The Problem with Eating Meat
I do feel that spiritual progress does demand at some stage that we should cease to kill our fellow creatures for the satisfaction of our bodily wants. ~ Mahatma Gandhi
We tend to forget that the meat we eat at our dinner table was actually the body of an animal. That means that it was subject to the same things humans are subject to, like disease, pesticide poisoning, pollution and the effects of its own bodily wastes. When we consume an animal, we also consume those diseases, toxins and wastes. There are many diseases in hogs, sheep and cattle and over two dozen diseases in poultry that humans can directly contract. These include tuberculosis, influenza, samonellosis, undulant fever, and many more.
The large amount of disease prevalent in modern farm animals is due to the facts of over-breeding, inbreeding, stress and overpopulation that are common in modern “factory fanning.” The animals are fed excessive amounts of fats, drugs and chemical additives, which deteriorate their internal organs. Frequently, farmers slaughter their animals to prevent their death due to diseases such as mastises, foot-and-mouth disease, terminal fevers, tumors and tuberculosis. In fact, tumors are routinely cut away at the slaughterhouse or butcher shop from hogs, sheep, cattle and poultry, and the rest of the meat is then passed on to the consumer.
Let’s take a closer look at some of the diseases that eating animals can produce in man.
UNDULENT FEVER: Also known as Bang’s disease, Malta fever, and brucellosis, this is one of the most common diseases transmitted to man from animals. Its symptoms include headaches, fatigue, chills, perspiration, drastic weight loss, arthritis, stomach pains and cardiovascular degeneration. It can come and go, becoming a chronic problem, and is extremely difficult to diagnose.
TRICHINOSIS: Simply translated, this means worm-infected. It is most common in hogs, due to the fact that they are most commonly fed untreated garbage infested with the trichina larvae. This disease is common in northern Canada, with up to 90% of the population infected, and it is considered an epidemic in many parts of Alaska. In Washington, incidence is over 12%. The United States has over three times the average number of cases as the rest of the world. These parasites bury themselves in your bodily tissues and live for as long as you do.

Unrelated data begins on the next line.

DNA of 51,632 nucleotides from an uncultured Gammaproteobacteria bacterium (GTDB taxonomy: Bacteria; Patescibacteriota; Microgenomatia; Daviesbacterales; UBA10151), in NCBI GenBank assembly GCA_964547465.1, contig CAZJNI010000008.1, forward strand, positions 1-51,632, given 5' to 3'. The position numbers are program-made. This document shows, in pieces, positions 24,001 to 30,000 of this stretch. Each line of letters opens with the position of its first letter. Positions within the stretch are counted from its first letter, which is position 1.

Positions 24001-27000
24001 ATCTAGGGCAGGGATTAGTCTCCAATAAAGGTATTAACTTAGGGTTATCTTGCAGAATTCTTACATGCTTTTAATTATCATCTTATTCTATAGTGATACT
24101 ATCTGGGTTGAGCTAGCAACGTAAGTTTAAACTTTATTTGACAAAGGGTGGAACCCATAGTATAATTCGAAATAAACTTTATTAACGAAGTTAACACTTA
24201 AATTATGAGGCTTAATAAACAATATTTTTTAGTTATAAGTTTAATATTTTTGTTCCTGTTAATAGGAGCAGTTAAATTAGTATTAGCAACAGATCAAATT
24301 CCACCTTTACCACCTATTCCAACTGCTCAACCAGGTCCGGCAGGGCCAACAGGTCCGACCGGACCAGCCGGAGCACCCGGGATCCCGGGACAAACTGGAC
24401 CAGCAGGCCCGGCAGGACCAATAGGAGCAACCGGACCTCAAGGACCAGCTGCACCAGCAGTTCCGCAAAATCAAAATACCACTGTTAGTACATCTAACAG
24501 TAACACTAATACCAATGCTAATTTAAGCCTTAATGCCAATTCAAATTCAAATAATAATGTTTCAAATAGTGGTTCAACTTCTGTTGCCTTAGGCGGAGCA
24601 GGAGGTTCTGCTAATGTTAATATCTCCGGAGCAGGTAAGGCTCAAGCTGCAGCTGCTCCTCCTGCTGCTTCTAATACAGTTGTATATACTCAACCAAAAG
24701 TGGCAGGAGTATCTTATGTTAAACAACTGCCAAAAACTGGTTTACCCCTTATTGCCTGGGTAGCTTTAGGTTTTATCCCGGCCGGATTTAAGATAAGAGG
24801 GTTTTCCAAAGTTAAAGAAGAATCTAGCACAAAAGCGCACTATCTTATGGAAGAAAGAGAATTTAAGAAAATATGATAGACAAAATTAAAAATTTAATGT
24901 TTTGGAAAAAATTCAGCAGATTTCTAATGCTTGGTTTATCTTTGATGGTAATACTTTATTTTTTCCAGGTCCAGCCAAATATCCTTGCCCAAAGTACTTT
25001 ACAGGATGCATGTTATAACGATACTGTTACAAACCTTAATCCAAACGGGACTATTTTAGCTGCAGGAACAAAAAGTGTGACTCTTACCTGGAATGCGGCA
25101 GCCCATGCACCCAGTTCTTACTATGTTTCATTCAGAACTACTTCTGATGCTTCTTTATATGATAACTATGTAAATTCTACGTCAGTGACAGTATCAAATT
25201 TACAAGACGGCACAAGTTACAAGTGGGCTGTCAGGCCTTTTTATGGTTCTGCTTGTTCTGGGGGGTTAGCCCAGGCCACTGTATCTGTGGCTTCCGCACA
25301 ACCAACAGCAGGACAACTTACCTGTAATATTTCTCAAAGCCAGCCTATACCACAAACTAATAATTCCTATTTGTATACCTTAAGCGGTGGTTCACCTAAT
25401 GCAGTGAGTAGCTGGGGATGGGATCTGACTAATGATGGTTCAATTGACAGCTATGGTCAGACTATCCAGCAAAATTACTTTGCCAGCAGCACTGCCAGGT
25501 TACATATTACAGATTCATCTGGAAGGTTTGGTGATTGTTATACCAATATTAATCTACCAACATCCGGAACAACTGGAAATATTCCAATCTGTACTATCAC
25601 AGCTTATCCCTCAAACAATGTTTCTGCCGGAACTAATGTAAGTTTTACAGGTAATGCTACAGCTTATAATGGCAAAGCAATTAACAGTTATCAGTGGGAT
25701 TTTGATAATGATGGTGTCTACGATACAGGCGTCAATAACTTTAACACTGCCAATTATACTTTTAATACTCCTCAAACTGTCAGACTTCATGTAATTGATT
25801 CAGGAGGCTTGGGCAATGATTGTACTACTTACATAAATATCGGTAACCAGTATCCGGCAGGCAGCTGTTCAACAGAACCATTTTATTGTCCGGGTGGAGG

TOXOPLASMOSIS: Another parasite disease, this is also carried in undercooked meats, like rare steaks. Although not usually serious in adults, it is extremely serious in unborn children and infants, causing many extremely severe birth defects.
SALMONELLOSIS: This virus comes from eating infected animals, particularly poultry and fish. This is the most common type of food poisoning. U.S. government inspectors have found salmonella in over 50% of the poultry sold in supermarkets. On the average, 38 million Americans are afflicted with salmonella poisoning each year. Its symptoms include cramps, chills, vomiting, diarrhea, fever, muscle weakness, faintness and thirst. These symptoms can be quite acute, even resulting in death.
TOXINS IN FISH: Many people think they have a great way toward the achievement of a healthy and “meatless” diet by forgoing red meats and poultry, and concentrating mostly on a diet of seafood. Unfortunately, a steady diet of fish and marine life is extremely dangerous, as many fish produce chemical substances that are toxic and even fatal to humans. These reactions can range from allergies to convulsions and death.
Mussels, clams, and oysters enjoy a diet of marine invertebrates, some of which are extremely dangerous to man. Once we eat a contaminated shellfish, the toxin can cause respiratory paralysis within a quarter hour.
This does not take into account the industrial waste and sewage as well as other types of pollution that contaminate fish and cause disease. This problem covers the entire planet: pesticides have been found in fish in areas as remote as Antarctica. Many chemicals, such as arsenic and mercury, are not eliminated by the organisms that absorb them. Once you consume mercury or arsenic, you never lose them, and since as little as 70 milligrams of mercury are fatal to humans, a steady diet of fish is not too healthy.